Eric Adams, the front-runner in the race for mayor of New York City according to recent polls, had some harsh words Thursday for the Orthodox voting blocs supporting his rival Andrew Yang, who is in second place, not far behind Adams.
In a meeting with the leadership of the Flatbush Jewish Community Coalition, a local Orthodox political group founded in 2013, Adams suggested that Orthodox voting blocs are mistakenly falling for the “false promises” Yang made while courting their vote. Adams has been making inroads in the Orthodox community in recent weeks.
“If someone can come in, out of nowhere, give you false promises and just say anything, and all of a sudden take away a long relationship with you, that’s going to send a bad message,” said Adams, the Brooklyn borough president, who described his well-established relationship with the community as an inspiration for other politicians.
Asked by the Forward if he was referring to Yang’s stances on yeshivas that had earned him the backing of most Hasidic sects and Orthodox elected officials in Brooklyn, Adams demurred. “Whoever believes they can just walk into this community and they can just say and do anything and then take away a long relationship and important relationship, whomever fits that description, that’s who I’m talking to,” said Adams. “And there’s a host of candidates that are in this race that thought they could just come and walk down Flatbush Avenue or walk down 14th Avenue, or sit inside a synagogue, and it was a wrap.”
Chris Coffey, Yang’s campaign manager, pushed back against Adams’ attack. “One of the things we hear about Eric from the community is that he has a complicated past here, filled with checkered characters who haven’t always been great to the Jewish community,” Coffey told the Forward, hinting about Adams’ past praise of the antisemitic Nation of Islam leader Louis Farrakhan and alliance with the Rev. Al Sharpton. “So it’s no surprise that when someone like Andrew Yang comes in and they see his character and his dedication to their issues that they gravitate to him.”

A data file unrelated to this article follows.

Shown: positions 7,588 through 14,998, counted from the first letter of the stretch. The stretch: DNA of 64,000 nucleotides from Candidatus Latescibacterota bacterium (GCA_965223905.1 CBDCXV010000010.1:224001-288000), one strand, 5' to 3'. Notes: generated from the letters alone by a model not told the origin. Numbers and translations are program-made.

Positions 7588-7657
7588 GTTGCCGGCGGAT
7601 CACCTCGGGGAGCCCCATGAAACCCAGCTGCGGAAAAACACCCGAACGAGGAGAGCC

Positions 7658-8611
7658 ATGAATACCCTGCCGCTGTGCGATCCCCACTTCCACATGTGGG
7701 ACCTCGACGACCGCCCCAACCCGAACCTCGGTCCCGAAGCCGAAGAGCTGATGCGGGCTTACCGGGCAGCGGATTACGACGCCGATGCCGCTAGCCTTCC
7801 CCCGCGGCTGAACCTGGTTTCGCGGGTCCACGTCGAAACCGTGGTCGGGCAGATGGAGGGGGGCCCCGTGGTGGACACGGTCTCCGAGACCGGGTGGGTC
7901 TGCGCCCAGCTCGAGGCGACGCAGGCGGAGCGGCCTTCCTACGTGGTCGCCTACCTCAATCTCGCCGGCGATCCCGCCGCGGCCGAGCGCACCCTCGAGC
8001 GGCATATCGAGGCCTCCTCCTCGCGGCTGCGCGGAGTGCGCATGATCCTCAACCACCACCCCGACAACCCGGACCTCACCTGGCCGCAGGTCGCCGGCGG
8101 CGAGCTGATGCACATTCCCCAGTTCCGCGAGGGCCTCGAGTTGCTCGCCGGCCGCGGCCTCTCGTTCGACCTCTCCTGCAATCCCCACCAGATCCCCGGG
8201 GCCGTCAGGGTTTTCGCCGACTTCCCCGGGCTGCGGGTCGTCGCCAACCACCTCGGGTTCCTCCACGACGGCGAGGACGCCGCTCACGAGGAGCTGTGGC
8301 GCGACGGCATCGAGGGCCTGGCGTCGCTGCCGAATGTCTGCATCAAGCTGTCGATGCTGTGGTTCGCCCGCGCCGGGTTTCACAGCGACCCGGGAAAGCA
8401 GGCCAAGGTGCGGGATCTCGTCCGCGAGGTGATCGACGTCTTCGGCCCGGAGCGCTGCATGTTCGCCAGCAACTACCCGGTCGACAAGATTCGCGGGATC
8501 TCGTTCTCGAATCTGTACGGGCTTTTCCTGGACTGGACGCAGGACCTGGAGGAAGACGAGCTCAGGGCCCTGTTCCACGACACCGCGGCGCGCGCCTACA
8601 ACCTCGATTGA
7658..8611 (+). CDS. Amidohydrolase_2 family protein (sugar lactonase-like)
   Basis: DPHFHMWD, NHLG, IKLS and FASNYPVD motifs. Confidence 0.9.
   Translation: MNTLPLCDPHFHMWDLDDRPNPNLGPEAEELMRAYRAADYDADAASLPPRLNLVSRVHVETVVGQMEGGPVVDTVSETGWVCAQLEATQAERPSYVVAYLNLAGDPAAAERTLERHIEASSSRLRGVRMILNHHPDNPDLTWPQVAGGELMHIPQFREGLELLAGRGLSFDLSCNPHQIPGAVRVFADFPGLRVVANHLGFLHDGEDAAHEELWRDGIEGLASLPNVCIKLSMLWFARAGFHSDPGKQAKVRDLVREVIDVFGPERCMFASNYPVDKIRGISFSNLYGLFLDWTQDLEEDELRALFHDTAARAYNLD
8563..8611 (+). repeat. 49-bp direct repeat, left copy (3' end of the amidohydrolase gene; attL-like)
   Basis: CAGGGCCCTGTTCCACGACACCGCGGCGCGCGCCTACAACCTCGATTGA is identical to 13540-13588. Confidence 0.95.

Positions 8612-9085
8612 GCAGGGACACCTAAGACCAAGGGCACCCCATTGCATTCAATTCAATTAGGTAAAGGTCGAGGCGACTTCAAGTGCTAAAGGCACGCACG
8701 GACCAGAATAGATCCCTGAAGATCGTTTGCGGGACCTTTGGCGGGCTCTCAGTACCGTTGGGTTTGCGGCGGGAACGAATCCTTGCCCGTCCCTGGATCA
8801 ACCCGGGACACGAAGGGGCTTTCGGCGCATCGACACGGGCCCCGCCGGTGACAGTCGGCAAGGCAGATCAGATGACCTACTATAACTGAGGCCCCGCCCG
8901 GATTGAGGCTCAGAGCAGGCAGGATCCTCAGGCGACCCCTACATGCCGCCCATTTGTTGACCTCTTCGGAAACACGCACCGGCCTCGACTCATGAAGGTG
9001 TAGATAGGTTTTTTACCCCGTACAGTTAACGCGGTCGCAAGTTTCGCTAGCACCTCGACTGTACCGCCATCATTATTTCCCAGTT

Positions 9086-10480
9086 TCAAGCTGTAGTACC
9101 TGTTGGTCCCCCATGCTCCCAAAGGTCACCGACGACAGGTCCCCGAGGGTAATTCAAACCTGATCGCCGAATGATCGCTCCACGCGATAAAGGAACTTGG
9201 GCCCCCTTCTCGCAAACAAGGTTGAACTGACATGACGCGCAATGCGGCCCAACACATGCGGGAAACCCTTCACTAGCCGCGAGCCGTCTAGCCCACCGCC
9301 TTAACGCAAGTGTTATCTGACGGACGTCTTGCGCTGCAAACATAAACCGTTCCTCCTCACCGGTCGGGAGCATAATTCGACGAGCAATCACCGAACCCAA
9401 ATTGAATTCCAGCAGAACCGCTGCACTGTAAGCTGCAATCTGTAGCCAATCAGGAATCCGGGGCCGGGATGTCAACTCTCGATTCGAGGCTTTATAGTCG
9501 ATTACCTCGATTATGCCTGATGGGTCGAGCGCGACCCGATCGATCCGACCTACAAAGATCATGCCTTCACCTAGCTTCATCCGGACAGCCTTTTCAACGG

The FJCC announced at a press conference on Thursday that it will support Adams in the June 22 primaries because he has proved his friendship to the community in his past 15 years in elective office. “In considering mayoral candidates for endorsement, we looked for an experienced leader who could take the city out of its current crisis and help ensure a brighter future for our community and the entire city,” said Josh Mehlman, FJCC’s chair, who said the group represents over 250 synagogues and yeshivas in the greater Flatbush area.
“We believe in loyalty and supporting our friends,” Mehlman added.
Adams thanked the group for the endorsement, suggesting they overcame pressure to choose a different candidate. “In spite of people trying to sway you, you said, ‘Listen, we know Eric,’” he said, speaking about himself in third person. “Eric has been here during difficult times, Eric has stood with this community.”
Adams added that he’s been consistent throughout the campaign, not sending mixed messages to different communities, and that he’s going to govern on the basis of the partnerships he had developed with the communities over the years. “If you reach me late at night now, you are going to reach me late at night when I’m the mayor of the city of New York,” he said. “That is who I am.”
Chaskel Bennett, a local community leader, said the Orthodox community takes comfort in supporting Adams at a time of rising antisemitism. “For us, it’s about public safety, and Eric Adams is the public safety candidate,” he said.
Eric Adams thanks Orthodox community for support